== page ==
When we set out to find the best fabric to use in our IYLA bed sheets, we immediately assumed organic cotton was a must. After all, organic has always been promoted as being “better” in what we eat and drink. We also believe that anything we create should be done so ethically and at a minimal cost to the planet – and since the chemicals used in the manufacturing process of cotton bed sheets can harm the planet and ourselves, organic cotton appeared to be the logical solution to this problem. However, during our intensive research process we soon discovered that it wasn’t all black and white.
While many people see organic organic cotton sheets as the epitome of quality, made of 100% organic cotton fibres, this is sadly not often the case. One of the biggest issues with organic cotton is that the term “organic” is not yet regulated under Australian law, meaning sellers aren’t required to follow specific standards in order to claim their product is “organic” and that the origins of the cotton can’t necessarily be tracked. The other problem we came across is that the cotton threads in organic cotton are often shorter when compared with the staple length of Egyptian cotton. This shorter staple length means the sheets won’t be as soft and smooth, potentially making for a less comfortable night’s sleep. We explain more about cotton fibre length here
Even though Australia has a handful of certifying bodies, there is still too much room for creative advertising around organic cotton. For instance, a sheet can still carry an organic label even if it has only 70% organic cotton fibres – the other fibres could be non-organic cotton or a synthetic like polyester.
Even more shocking is that chemicals can still be used during the manufacturing process to soften the coarse organic fibres – and they’re not even required to list the chemicals they used during this process. In short, uncertified “organic cotton” may not even be chemical free. Unsurprisingly, substantial use of chemicals during the manufacturing process can pose many risks to your health. The use of urea-formaldehyde (a resin used on “wrinkle-resistant”, “permanent press” and cotton-polyester blend sheets) being one of the scariest – even in trace amounts. Research indicates it is linked to cancer, skin irritations, allergic reactions; dizziness and fatigue; and respiratory problems. Yet despite the potential threat to human health, urea-formaldehyde is still used by many bed linen manufacturers -- and once a fabric is treated with it, it’s almost impossible to completely wash out.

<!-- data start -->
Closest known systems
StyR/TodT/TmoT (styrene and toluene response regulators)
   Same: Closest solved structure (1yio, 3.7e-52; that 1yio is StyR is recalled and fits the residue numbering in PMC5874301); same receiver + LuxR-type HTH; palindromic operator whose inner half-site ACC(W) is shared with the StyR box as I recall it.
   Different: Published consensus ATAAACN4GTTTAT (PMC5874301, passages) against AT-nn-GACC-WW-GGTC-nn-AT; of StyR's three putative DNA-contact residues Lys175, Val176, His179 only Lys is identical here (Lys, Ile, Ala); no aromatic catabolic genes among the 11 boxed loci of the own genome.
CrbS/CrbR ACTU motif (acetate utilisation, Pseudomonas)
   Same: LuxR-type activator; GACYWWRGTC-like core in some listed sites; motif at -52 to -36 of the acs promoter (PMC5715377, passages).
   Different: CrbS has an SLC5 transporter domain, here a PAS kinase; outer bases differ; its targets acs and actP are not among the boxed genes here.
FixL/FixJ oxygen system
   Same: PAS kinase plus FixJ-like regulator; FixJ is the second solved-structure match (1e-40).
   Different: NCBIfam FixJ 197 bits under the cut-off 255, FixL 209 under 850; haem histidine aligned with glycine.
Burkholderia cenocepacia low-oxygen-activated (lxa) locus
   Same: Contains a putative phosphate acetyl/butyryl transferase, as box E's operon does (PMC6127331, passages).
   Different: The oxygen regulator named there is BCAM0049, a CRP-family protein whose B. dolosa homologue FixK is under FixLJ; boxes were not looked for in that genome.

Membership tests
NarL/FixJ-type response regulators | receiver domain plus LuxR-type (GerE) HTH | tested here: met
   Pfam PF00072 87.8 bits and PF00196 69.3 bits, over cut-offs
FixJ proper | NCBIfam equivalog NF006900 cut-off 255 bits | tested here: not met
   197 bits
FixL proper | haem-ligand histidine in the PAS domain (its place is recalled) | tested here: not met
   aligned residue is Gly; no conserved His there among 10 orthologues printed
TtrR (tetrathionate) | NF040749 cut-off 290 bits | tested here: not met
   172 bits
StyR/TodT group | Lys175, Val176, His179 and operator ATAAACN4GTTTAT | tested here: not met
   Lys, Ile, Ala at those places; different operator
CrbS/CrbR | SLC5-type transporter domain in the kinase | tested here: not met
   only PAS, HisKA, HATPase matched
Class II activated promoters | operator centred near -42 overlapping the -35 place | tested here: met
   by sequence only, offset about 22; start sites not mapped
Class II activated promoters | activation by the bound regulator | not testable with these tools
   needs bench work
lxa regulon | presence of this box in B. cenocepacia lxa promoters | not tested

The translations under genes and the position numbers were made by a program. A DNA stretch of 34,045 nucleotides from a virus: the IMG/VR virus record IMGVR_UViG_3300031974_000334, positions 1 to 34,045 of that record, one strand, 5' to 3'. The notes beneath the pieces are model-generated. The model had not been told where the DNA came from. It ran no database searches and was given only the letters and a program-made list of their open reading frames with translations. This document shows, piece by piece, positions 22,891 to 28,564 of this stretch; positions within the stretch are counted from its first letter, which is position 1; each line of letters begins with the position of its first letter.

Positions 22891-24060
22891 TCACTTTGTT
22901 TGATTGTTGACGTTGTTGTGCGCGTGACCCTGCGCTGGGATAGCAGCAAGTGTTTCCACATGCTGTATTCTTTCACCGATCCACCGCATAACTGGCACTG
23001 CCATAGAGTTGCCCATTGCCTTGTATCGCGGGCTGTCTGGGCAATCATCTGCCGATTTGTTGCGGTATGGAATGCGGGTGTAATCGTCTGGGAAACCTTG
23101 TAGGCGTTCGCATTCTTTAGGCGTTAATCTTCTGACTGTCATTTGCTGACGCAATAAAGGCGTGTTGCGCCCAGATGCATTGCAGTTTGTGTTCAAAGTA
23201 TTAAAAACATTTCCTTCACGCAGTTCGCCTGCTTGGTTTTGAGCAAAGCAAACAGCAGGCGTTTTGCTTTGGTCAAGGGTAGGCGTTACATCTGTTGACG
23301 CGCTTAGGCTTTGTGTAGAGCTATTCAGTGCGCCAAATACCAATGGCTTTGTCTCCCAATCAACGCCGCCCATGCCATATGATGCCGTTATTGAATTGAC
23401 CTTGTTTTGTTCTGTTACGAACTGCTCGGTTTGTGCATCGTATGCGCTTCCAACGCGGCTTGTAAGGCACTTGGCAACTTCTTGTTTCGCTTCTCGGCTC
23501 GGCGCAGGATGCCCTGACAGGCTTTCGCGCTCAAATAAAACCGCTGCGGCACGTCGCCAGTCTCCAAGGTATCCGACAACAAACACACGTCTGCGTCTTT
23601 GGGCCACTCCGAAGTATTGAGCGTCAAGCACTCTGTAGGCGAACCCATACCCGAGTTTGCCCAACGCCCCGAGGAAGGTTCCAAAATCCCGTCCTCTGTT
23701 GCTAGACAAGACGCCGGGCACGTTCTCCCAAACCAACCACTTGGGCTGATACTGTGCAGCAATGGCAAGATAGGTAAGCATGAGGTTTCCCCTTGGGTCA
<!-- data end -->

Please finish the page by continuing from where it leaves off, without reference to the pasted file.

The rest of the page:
With organic cotton not meeting our requirements for comfort OR safety, we decided to find a solution that wouldn’t involve a compromise. Firstly, we chose to use Egyptian cotton, a cotton that requires much less chemical treatment than most thanks to the ideal conditions it’s grown in.
Next, we looked for a third-party certification — the highest level of assurance a textile product can achieve. One of the most comprehensive is the OEKO-TEX® Standard 100, a certification system for textile producers run by OEKO-TEX®, a global network of laboratories. They test for harmful substances which are prohibited or regulated by law and chemicals which are known to be harmful to health. In addition, the European Union provides a legislative framework for testing chemical compounds in products (REACH protocol) which holds manufacturers responsible for the safety and health of both humans and the environment.
All of our products exceed both OEKO-TEX® certification and REACH protocol requirements. This is what sets us apart from cheaply mass-produced products with questionable health and quality. It’s not enough for us to simply offer linens that look and feel good — we have gone to great lengths to ensure everything we create is ethically and safely made.
Why are we sharing all of this with you? Because we believe that you have a right to decide what you sleep on at night. Rather than try and wow you with marketing buzzwords, we’re simply giving you the full story on our cotton and the reasons behind why we chose it. If you’re interested in giving IYLA sheets a try, you can explore our range here or you can keep reading about them, starting with our article on the differences between percale and sateen